Debt Ceiling Update - Is the Gang of Six Plan a Tax Increase or a Tax Decrease?
Thursday, July 21, 2011
Welcome to Politics Bites, where every afternoon at It's A Free Country, we bring you the unmissable quotes from the morning's political conversations on WNYC. As Democrats and Republicans get closer to a compromise on the debt ceiling, Roll Call staff writer Steven Dennis appeared today on The Brian Lehrer Show to give an update on the negotiations, the Gang of Six plan, and President Obama's position.
As the threat of default looms above the August 2 deadline for a debt ceiling increase, there is cautious optimism on Capitol Hill regarding a bipartisan $4 trillion debt reduction package from the so called Gang of Six Senators. Nothing is certain, and Steven Dennis said the success of the plan depends on that elusive quantity: perception.
The reality is if Republicans by and large consider this to be a tax increase, it can't pass. Politically, they can't vote for it. And the people who say hey, it's not a tax increase, it's really a tax cut, there are all these wonderful things like lower rates, a simpler tax code, etc, then if they win that argument you can conceivably see a path forward for this.
Some Republicans are skeptical because the plan 'increases revenue' (red flag alert for GOP, God forbid, does that mean raised taxes?)
Increase or Decrease? Depends on the spin
If you count the fact that the Bush tax cuts are scheduled to expire, then the Gang of Six package could considered a tax cut. But if you don't count on that fact, you could look at this package as a tax increase. Yet again, with the plan's lower across-the-board tax rates--29 percent would become the new highest tax rate (it's now 35)--the Gang of Six projects their plan would spur economic growth, and that's where the 'increased revenue' would come from.
What many people like about this plan is that it would simplify the tax code. Who could be opposed to spending less hours on tax forms?
If you made the tax code more efficient there's general agreement that that would improve the economy and that would generate more revenue because people would be doing productive things instead of unproductive things.
Is closing tax-loopholes a tax increase? Don't brush these distinctions off as semantics, a lot of money and powerful people are involved.
Most of these deductions and most of these loopholes go to the people at the very top. The IRS said that the top 400 tax payers last year, their tax rate was 16.6 percent. That's actually lower than a lot of people at the bottom of the scale who have to pay social security taxes, etc.
The influence of Grover Norquist
The intensely powerful Republican lobbyist, Grover Norquist, who heads Americans for Tax Reform, convinced most House Republicans to sign a pledge promising they would not raise taxes. As of yet, he has not come out on one side or another of this tax package. If he's anti, the bill is all but doomed.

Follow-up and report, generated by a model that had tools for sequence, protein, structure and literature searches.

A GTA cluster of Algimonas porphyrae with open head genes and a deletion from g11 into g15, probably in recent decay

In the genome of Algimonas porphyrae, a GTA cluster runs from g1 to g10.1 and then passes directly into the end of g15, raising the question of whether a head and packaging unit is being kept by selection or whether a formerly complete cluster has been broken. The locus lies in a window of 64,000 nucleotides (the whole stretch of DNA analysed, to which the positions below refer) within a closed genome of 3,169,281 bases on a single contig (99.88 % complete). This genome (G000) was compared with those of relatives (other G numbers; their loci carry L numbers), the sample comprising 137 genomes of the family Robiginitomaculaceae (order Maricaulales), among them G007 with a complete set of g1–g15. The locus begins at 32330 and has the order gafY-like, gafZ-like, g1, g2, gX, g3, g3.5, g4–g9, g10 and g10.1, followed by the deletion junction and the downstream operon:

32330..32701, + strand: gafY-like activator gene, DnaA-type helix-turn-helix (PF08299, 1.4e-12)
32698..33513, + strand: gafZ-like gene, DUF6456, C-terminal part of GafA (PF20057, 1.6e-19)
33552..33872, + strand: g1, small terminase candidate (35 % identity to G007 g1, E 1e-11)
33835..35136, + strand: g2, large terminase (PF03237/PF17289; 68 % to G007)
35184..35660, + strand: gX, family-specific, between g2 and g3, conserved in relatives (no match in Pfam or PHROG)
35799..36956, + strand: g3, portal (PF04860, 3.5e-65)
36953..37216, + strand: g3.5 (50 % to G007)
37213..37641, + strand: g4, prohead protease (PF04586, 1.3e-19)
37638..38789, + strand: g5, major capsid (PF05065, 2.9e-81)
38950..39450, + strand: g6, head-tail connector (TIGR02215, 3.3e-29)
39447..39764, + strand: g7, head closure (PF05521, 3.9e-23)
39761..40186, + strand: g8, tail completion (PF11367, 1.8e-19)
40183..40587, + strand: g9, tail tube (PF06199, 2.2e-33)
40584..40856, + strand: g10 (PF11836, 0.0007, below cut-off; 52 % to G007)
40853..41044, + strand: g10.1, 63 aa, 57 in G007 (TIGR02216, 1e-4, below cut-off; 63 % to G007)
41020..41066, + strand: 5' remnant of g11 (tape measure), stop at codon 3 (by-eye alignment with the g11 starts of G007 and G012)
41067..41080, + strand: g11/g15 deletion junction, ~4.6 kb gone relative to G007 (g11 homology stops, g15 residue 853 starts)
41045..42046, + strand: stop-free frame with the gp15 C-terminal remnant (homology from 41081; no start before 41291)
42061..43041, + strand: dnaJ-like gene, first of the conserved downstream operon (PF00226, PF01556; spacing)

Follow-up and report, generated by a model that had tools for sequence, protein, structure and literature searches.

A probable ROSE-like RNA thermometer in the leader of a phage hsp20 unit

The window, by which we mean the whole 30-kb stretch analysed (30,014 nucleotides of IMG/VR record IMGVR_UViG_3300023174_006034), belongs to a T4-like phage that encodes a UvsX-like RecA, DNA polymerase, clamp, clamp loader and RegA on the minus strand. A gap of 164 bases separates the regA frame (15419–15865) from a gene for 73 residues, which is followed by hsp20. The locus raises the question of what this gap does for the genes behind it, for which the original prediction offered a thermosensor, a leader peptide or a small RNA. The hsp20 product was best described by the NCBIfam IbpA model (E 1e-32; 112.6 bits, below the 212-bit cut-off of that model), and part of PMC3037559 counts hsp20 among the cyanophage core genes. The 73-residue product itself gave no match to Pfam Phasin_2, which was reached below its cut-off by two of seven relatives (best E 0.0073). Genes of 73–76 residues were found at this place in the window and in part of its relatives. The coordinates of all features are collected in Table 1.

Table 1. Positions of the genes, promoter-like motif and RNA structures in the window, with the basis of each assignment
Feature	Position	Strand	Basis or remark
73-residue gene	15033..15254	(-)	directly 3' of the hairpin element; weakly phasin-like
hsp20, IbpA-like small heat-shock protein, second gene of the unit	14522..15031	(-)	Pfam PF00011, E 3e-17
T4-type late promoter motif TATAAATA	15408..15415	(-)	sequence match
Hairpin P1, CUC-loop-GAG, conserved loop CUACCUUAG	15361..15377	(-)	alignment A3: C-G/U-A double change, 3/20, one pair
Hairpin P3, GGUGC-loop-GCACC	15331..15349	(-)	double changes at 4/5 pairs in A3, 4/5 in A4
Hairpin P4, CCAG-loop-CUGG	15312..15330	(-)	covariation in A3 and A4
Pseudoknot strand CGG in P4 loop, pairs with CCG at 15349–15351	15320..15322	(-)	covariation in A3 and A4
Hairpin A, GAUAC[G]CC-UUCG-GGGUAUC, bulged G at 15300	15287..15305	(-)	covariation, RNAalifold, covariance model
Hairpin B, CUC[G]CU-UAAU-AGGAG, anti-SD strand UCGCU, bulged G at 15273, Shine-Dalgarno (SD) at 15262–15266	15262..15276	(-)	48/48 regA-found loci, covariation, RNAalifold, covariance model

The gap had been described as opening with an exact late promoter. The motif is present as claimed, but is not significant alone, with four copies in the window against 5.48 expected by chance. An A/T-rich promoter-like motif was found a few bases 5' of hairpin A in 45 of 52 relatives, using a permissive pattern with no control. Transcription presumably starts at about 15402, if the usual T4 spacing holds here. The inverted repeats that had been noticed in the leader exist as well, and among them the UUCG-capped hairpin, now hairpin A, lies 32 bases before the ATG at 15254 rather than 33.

A cattle prod on Congress
Even with bipartisan kudos and the President's support, Dennis doesn't think the Gang of Six plan will get adopted in the next week--it's too complicated. There's no way of knowing at this point who's taxes are going to go up or going to go down in the package, because the bill isn't even written yet. But if Congress agrees to use the package as a framework, Obama has signaled he might be willing to sign a temporary debt ceiling extension plan.
Would that just be a bridge to nowhere? Dennis doesn't think so because, failure to solve the debt crisis this time is not an option. A) the deficit is so much bigger than ever before and B) S&P is threatening to downgrade the nation's debt from AAA to AA if we don't pass a $4 trillion deficit reduction package in the next three months.
Some progressive Democrats, like New York's Jerry Nadler, oppose the Gang of Six plan, saying it will unfairly burden the middle class by tilting the tax code in favor of the wealthy. He complains that the plan's cuts to social security, Medicare and Medicaid, and the strict controls put on new spending are too bitter to swallow. But those are the very aspects that tempt Republicans.
A lot of the things that they would get in this package--big cuts to Medicare, Medicaid, Social Security, etc, are things that you would never imagine a Democratic president to sign on to, which is one of the reasons why some Republicans are embracing this package and saying, look, a lot of this stuff is stuff we've been saying we want to do for years and here's our chance to do it, to actually get something enacted and not just talk about it.
The clock is ticking.